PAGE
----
Celebrating monumental mistakes at the Museum of Failure

A swiveling chair that will melt off those pounds (the Hawaii Chair!); a diet suppressant with an unfortunate name (“Why take diet pills when you can enjoy Ayds?”); and a doomed line of cars that couldn’t live up to the hype (the Ford Edsel): Flops and failures, one and all, and each with a place of honor at the Museum of Failure, a pop-up exhibit now on display in Brooklyn, N.Y.

Swedish psychologist Samuel West  has spent years amassing the collection. “I felt like I was like a professional buyer of weird things off the Internet,” he said.

Weird things like bottled water for pets. “It’s so ridiculous,” said West. “It makes sense only in a world that doesn’t make sense!”

Because Fluffy and Fido deserve flavored water. 

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Who can forget Harley-Davidson cologne? And how about Bic pens for women?

Eau de toilette for motorcycle enthusiasts, and pens for girls. 

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“Seeing these massive corporations fail when they try something new or experiment, it kind of also gives us permission to fail when we try out new things,” said West.

For example, in the 1960s Hasbro introduced Little Miss No-Name, a disheveled doll meant to teach girls empathy. “She holds out one hand, sort of begging,” said West. “It doesn’t work, because nobody wanted to play with this doll.”

Little Miss No-Name, begging for love. 

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Crystal Pepsi, a colorless twist on the classic cola, was memorably spoofed on “Saturday Night Live”:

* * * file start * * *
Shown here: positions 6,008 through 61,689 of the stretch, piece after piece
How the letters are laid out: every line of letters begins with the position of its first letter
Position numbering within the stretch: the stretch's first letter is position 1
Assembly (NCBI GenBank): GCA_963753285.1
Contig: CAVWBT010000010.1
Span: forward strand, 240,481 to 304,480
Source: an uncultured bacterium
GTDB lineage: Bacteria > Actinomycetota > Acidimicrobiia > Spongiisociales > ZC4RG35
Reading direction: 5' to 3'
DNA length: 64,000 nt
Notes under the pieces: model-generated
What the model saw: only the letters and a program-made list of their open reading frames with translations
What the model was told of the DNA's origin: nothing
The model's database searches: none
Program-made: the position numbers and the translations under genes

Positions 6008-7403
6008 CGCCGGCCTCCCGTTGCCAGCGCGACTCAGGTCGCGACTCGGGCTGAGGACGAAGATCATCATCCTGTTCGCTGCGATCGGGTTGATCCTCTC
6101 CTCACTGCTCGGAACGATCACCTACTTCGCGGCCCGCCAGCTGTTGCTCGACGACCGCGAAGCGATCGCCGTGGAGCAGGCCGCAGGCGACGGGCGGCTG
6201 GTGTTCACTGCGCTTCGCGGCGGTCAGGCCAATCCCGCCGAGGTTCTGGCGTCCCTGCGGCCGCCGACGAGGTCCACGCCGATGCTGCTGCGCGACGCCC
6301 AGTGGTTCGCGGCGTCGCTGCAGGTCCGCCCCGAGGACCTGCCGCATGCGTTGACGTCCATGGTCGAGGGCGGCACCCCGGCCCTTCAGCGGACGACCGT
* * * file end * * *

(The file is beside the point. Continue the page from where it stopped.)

Crystal Gravy – SNL by
Saturday Night Live on

The Museum of Failure exhibition, which has traveled the world, features more than 100 failed “innovations,” from Circuit City’s DIVX disposable video rental discs, to Coca-Cola’s coffee-flavored soft drink, Blak. “This company or these people did something that didn’t work out,” said West. “We shine a light on it and try to learn from it.”

There’s even a wall where visitors can share their own failures, and write themselves helpful reminders (i.e.: “I have to divorce my wife”).

Post-It Notes was definitely NOT a product failure, but they’re perfect for memorializing failures of our own. 

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West said, “We need to take meaningful risks. It’s not just these companies that need to do that. We have to do it on a personal level. If we want to develop as individuals in our relationships and just about anything that’s meaningful to us, we have to be willing to take these risks.”

Even if it means inventing the next Edsel.

In 1957 the Ford Edsel was introduced as the car of the future. That future never happened.  

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Story produced by Robert Marston. Editor: Emanuele Secci. 

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